A friend recently sent me a film clip of a brawl between monks of different Christian communions over turf rights at the Holy Sepulcher in Jerusalem. Fighting had broken out on First Day, 11/9/2008, when Greek Orthodox monks blocked a procession of Armenian Orthodox. My friend had titled her e-mail “One more reason I don’t like to be called a Christian.”
This was not the first time I’d heard such feelings expressed, but it always grieves me to see people of high ideals distancing themselves from “the Christians” because of the low behavior of some who call themselves Christians. The effect is to denigrate either Jesus Christ Himself (from whom, ironically, they may have learned those high ideals) or millions of men, women and children who, over the past two thousand years, chose forgiveness over revenge, faithfulness over treachery, truth over deceit, love over hatred, and their own suffering and death over making others suffer – precisely because they were Christians following Christ. I allow that others may have done the same because they were Buddhists following the Buddha, or Jews following Moses and the Prophets. But you cannot deny that a river of spilled Christian blood cries up from the ground, witnessing that to be a Christian is an honorable thing.
My friend wrote below the link to the film clip, “But I will answer to: Student of Jesus.” I answered her:
“…if the followers of Jesus don’t answer to the name of Christians, and in Christ’s name rebuke and disclaim unchristian behavior, from ‘Christian’ militarism, racism and imperialism to ‘Christian’ squabbling over turf rights at the so-called Holy Sepulcher, then other Christians suffering shame and pain over these things won’t have any strong Christian elders to turn to for comfort and encouragement. And Jesus, our Teacher (and to some of us, our Savior and Vine, our Prophet, Priest and King) will find His cross surrounded only by [politicians that tell lies to start wars, media demagogues that persecute gay people,] and the Ku Klux Klan. He deserves better representatives on this earth than that, I think. And the Truth He witnessed and witnesses to requires them, too.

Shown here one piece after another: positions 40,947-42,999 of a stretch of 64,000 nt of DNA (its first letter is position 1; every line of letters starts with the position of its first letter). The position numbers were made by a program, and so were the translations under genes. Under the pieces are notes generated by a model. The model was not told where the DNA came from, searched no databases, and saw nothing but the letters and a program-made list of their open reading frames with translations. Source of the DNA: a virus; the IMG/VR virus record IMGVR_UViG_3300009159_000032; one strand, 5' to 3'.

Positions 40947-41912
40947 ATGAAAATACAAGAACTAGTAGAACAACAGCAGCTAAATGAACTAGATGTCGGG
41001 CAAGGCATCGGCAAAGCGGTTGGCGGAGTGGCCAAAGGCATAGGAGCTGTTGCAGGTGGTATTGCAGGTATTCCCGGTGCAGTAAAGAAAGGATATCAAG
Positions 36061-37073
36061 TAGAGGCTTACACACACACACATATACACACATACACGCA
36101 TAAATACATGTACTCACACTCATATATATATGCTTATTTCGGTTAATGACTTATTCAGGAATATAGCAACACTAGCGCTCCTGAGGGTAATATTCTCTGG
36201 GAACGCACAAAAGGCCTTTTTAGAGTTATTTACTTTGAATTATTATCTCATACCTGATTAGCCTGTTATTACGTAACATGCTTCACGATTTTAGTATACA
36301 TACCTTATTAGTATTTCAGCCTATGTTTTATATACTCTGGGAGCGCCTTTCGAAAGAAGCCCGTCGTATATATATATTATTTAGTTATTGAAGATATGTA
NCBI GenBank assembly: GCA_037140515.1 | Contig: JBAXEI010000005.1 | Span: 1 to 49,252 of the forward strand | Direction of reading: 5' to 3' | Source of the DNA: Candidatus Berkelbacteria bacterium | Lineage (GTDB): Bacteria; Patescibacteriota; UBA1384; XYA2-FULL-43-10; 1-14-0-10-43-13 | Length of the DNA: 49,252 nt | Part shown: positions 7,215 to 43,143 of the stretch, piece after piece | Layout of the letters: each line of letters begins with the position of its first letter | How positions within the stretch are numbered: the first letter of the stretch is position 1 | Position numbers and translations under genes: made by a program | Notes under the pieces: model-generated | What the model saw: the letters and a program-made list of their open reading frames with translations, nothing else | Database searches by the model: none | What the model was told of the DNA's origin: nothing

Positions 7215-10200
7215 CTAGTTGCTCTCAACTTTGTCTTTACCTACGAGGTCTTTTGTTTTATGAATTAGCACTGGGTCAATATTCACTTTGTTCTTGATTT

“But I call myself a Christian only because I feel He wants me to. I regularly turn for Christian counsel and encouragement to godly companions who call themselves simply Quakers, or Buddhists or Muslims or Jews, as their Divine Inward Witness directs them. As far as I’m concerned, their Divine Inward Witness is Christ, and Christ speaks to me through them. I have to respect the faithfulness that leads them to persist in referring to their Divine Inward Witness as the Light, the Buddha-mind… or Allah, or Adonai Elohenu. I’m not humoring them. I’m respecting God’s wisdom, and their discernment.”
I ended by saying “don’t call yourself a Christian unless He tells you to.” I was thinking of Paul’s saying “no one can say that Jesus is the Lord, but by the Holy Spirit” (1 Corinthians 12:3b), and Jesus’ answer when Peter acclaimed Him as the Messiah, “flesh and blood has not revealed this to you, but my Father who is in heaven” (Matthew 16:17). Taught since childhood to recognize “Jesus Christ” as a name and a common swear-word, we easily forget that recognition of Jesus as the Christ is a gift, a charisma. On the other hand, those who’ve received it may not lay it aside just because they’re embarrassed to be seen with other people that call themselves Christians.